Here, children can get up close and personal with all the typical farmyard animals and immerse themselves in farm chores. They can get their hands dirty milking the cows, bottle feeding the lambs, waddling with the ducks, patting the rabbits, feeding grass to the horses and all the while marvel at the sight and smell of the pigs. They can also look for eggs — a great way to teach them that eggs and milk don’t come out of cartons (as I am lead to believe some ‘other’ children think is the case… not mine, of course! ) (more…)
There has been a revolution in the Parisien café scene! Les 400 Coups, a family café, has recently opened its doors! When I heard about this phenomenon I just had to pack up my kids, jump on the metro and experience this place in person. Here in Paris, cafés with play areas are virtually nonexistent — my kids have gotten used to sitting at a table and amusing themselves with a silver spoon and a sugar packet; though after a while they do get a wee bit bored.
So off we went to Les 400 Coups and it was fantastic. The food might not be haute cuisine but the coffee was great and the moment we got to the café, the kids started playing in the play area and I did not hear from them for a good hour. And for you moms who cannot be separated from your laptop there is even wifi. (more…)
As mentioned in an earlier post, I am not a huge fan of eating out with young kids. It’s not good for the digestion. But then again, there is Pop Burger.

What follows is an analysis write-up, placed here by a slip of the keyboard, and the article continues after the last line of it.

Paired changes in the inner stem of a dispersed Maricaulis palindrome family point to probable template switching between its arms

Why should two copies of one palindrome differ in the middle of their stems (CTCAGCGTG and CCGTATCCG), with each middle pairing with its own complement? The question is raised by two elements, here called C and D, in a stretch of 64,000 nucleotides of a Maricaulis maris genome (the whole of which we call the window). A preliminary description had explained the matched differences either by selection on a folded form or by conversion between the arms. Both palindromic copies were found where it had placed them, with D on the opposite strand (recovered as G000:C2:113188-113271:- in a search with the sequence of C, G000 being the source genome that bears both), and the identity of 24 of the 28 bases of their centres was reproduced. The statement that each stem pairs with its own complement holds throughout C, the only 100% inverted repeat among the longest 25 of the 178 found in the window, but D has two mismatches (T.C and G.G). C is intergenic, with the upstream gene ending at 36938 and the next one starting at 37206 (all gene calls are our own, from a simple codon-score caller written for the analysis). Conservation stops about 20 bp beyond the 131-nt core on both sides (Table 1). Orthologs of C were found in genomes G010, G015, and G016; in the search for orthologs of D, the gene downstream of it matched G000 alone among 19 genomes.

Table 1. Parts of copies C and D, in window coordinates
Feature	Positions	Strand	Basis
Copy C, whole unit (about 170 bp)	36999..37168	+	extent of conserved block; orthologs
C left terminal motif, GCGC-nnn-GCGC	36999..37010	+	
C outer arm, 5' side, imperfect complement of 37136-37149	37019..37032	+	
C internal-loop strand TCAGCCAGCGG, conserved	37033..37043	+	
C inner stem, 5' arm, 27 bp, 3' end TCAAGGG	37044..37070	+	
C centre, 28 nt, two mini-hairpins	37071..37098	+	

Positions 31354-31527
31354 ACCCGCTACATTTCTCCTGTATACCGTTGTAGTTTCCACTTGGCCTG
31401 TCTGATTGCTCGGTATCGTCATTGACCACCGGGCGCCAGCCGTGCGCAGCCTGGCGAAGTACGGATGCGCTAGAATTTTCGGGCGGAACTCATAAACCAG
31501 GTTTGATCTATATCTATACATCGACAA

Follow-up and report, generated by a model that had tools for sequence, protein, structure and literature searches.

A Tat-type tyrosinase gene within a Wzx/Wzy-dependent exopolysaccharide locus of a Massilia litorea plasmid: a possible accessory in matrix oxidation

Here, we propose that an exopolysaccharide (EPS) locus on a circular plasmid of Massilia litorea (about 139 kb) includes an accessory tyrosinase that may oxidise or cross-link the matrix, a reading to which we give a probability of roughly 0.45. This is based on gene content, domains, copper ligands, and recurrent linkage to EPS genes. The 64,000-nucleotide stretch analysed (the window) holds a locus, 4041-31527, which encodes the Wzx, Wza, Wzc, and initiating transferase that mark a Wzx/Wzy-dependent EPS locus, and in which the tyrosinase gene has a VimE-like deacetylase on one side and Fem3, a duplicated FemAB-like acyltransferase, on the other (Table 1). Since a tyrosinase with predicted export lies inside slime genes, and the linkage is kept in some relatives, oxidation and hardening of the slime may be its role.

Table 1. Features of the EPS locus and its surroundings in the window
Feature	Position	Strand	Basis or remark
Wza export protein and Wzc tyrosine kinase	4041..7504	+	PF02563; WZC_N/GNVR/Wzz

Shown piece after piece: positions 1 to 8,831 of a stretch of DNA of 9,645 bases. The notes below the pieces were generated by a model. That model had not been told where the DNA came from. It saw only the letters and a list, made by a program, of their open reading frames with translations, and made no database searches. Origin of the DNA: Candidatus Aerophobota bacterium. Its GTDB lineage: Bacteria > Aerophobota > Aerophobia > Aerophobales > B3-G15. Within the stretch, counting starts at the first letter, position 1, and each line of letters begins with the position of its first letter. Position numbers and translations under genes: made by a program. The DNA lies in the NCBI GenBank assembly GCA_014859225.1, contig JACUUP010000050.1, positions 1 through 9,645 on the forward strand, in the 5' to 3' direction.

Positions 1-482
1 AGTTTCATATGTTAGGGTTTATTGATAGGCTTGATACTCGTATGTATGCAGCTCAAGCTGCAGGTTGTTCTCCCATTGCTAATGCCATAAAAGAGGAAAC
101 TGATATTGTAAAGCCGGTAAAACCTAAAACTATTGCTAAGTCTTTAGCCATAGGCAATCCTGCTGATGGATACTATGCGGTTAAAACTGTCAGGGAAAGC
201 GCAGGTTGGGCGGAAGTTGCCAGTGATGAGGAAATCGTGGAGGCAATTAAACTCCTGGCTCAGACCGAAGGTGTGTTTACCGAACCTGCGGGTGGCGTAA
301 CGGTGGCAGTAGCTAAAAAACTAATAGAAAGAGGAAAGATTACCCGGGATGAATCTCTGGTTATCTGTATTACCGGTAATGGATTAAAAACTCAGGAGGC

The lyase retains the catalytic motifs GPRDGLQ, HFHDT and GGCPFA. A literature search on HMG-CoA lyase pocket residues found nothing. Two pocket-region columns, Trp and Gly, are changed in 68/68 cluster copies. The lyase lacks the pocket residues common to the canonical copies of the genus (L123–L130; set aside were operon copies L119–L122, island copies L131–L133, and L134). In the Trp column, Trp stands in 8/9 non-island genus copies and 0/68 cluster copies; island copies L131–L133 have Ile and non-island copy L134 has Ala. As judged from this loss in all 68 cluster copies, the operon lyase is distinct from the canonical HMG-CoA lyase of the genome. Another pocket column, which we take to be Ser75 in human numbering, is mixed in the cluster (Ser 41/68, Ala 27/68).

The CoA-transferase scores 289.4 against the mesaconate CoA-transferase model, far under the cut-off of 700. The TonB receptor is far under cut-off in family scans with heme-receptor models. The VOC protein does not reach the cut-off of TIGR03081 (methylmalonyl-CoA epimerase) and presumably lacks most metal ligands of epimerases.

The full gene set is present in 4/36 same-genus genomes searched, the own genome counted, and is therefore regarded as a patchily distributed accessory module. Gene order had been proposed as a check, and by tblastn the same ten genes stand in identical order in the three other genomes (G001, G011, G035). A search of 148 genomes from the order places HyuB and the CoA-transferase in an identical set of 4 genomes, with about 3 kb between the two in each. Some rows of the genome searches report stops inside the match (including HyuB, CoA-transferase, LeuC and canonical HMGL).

This unassuming and very hip burger joint in the trendy Meatpacking district is actually one of my favorite super duper secret places to grab a special lunch with the girls. The burgers are delicious, and they come in sets of two which are perfect for teeny hands. They also have a nice selection of healthier items like a salad or an excellent chicken burger which pair nicely with a thick classic milkshake and crispy fries. (more…)
I really try to avoid taking my twins out to eat. It is nothing short of torture for me. Seriously….it’s like the minute they see that dilapidated cup of crayons and sad coloring placemat coming at them they start to make a scene. Chelsea Market, on the other hand, is now a destination of mine to eat with the girls on sunny days with the stroller in tow. I can only describe it as an underground culinary fantasy land and one where I am at complete ease dining with two three-year-olds. There’s a huge selection of delicious gourmet places to eat – all in a cool and low key setting. Kids can choose from homeade soup, sandwhiches and pasta and then watch fresh bread being baked, visit a fish market and toss coins into an indoor waterfall. Even better are the places to grab dessert – Eleni’s cookies, Sarabeths and Fat Witch Brownies. On the weekends they oftentimes have musical performances for kids so check the schedule and make a morning of it. And while the weather is still nice grab a coffee and check out the new and ultra-swank Highline where you can sit and watch a parade of New York’s hipsters saunter by.